Almost every game Craig designed was aimed at accommodating miniatures play as well as boardgaming.
When he passed, gaming lost one of the best friends it ever had; like all greats, I believe he will eventually be appreciated far more than he is today, but it would still be nice to see his name at least in the running.
Thank you.

Ottoathome Inactive Member12 Jan 2016 5:35 a.m. PST

Greats? Hardly! Not one.

They are all eminently forgettable and eminently disposable as all of their rules are eminently interchangeable.

Of the alleged "greats" as mentioned by the original poster, one was left out. Jack Scruby. Jack did it all. He wrote rules, published a war game magazine, produced a huge line of miniatures, the first purpose built ones for war games, ran a war game club and was a tireless promoter, popularizer, and evangelist for war games. He never wrote a hardcover but his greatness is established. Featherstone was like Jack, only take out the manufacturer and put in a huge collection of hardcovers and all the rest are there. Grant, Bath, and Young were all like Featherstone, tireless publishers, promoters, and evangelists.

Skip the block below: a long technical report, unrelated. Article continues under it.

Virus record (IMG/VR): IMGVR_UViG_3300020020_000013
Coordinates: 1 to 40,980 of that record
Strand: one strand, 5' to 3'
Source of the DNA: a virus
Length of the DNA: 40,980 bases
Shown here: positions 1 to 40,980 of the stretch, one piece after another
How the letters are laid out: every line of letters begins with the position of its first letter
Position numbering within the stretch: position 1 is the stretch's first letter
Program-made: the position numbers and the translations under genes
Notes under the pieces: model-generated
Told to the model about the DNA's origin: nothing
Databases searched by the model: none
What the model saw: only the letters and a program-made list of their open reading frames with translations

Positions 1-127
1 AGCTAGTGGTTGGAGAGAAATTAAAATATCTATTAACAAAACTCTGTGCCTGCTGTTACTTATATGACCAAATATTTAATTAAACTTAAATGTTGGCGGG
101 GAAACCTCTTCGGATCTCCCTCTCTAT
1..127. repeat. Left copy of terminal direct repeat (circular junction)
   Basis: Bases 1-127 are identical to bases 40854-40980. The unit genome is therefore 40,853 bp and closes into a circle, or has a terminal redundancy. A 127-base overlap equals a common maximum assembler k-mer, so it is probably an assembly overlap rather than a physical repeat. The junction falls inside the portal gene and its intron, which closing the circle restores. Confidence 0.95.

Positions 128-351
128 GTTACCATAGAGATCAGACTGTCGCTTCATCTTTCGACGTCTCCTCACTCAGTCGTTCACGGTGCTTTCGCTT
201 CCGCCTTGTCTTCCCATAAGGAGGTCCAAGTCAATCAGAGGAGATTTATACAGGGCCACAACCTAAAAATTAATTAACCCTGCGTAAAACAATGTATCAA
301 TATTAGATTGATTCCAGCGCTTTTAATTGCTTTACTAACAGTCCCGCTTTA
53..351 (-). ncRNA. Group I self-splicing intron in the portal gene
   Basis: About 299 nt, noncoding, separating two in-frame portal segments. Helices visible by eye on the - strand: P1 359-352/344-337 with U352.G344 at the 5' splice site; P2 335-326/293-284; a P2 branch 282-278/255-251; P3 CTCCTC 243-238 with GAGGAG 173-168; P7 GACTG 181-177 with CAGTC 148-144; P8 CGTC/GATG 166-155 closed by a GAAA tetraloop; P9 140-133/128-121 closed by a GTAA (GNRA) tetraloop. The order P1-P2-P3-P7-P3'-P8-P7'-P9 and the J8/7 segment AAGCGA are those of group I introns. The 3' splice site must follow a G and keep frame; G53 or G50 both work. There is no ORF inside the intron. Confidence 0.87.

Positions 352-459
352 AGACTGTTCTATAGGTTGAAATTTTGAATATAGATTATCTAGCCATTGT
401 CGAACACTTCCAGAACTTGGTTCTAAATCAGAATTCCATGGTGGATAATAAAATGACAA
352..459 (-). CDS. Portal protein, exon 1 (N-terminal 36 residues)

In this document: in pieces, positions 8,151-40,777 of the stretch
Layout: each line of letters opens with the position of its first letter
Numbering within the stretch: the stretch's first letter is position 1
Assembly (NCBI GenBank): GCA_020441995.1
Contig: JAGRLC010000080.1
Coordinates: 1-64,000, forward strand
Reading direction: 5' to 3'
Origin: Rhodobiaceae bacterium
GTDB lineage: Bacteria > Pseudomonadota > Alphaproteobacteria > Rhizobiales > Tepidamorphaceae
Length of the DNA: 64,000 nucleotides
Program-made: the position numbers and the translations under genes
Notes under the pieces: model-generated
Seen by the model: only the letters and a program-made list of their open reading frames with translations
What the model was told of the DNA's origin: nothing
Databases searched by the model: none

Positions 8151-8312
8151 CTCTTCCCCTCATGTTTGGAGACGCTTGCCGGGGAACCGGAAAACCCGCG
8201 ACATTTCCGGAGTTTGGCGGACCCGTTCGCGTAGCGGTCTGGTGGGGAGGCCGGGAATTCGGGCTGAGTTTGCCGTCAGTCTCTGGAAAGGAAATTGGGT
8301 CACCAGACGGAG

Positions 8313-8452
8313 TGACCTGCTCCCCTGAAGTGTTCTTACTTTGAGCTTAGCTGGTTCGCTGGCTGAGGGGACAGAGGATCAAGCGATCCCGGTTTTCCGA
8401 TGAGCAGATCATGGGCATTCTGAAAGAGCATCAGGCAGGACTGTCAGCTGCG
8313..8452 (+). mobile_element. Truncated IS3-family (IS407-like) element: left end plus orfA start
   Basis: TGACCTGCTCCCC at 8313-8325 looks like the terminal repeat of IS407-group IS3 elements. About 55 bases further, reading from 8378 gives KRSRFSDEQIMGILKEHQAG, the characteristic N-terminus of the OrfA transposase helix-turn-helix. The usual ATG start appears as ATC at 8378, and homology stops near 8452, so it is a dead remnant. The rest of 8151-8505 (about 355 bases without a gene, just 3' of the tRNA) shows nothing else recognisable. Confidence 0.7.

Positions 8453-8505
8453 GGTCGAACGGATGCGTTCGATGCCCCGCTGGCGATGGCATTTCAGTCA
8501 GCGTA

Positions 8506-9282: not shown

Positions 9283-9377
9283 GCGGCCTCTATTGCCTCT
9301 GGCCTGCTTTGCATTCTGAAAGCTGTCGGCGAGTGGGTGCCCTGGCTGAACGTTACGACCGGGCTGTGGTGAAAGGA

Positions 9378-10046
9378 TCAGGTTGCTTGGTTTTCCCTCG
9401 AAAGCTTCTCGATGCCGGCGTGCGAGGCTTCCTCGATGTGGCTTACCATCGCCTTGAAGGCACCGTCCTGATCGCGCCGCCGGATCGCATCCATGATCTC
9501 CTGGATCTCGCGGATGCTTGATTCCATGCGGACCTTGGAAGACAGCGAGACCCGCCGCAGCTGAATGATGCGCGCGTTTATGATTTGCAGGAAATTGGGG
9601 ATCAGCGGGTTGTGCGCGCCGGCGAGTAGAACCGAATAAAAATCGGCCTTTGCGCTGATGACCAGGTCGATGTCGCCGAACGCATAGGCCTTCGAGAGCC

The new crop of game designers today are eminently forgettable, as are their more or less derivative and identical products. None of their products are memorable and most of them have a lifetime of 18 months, at which they are remaindered for the next bright and shiny glossy piece of pewter porn.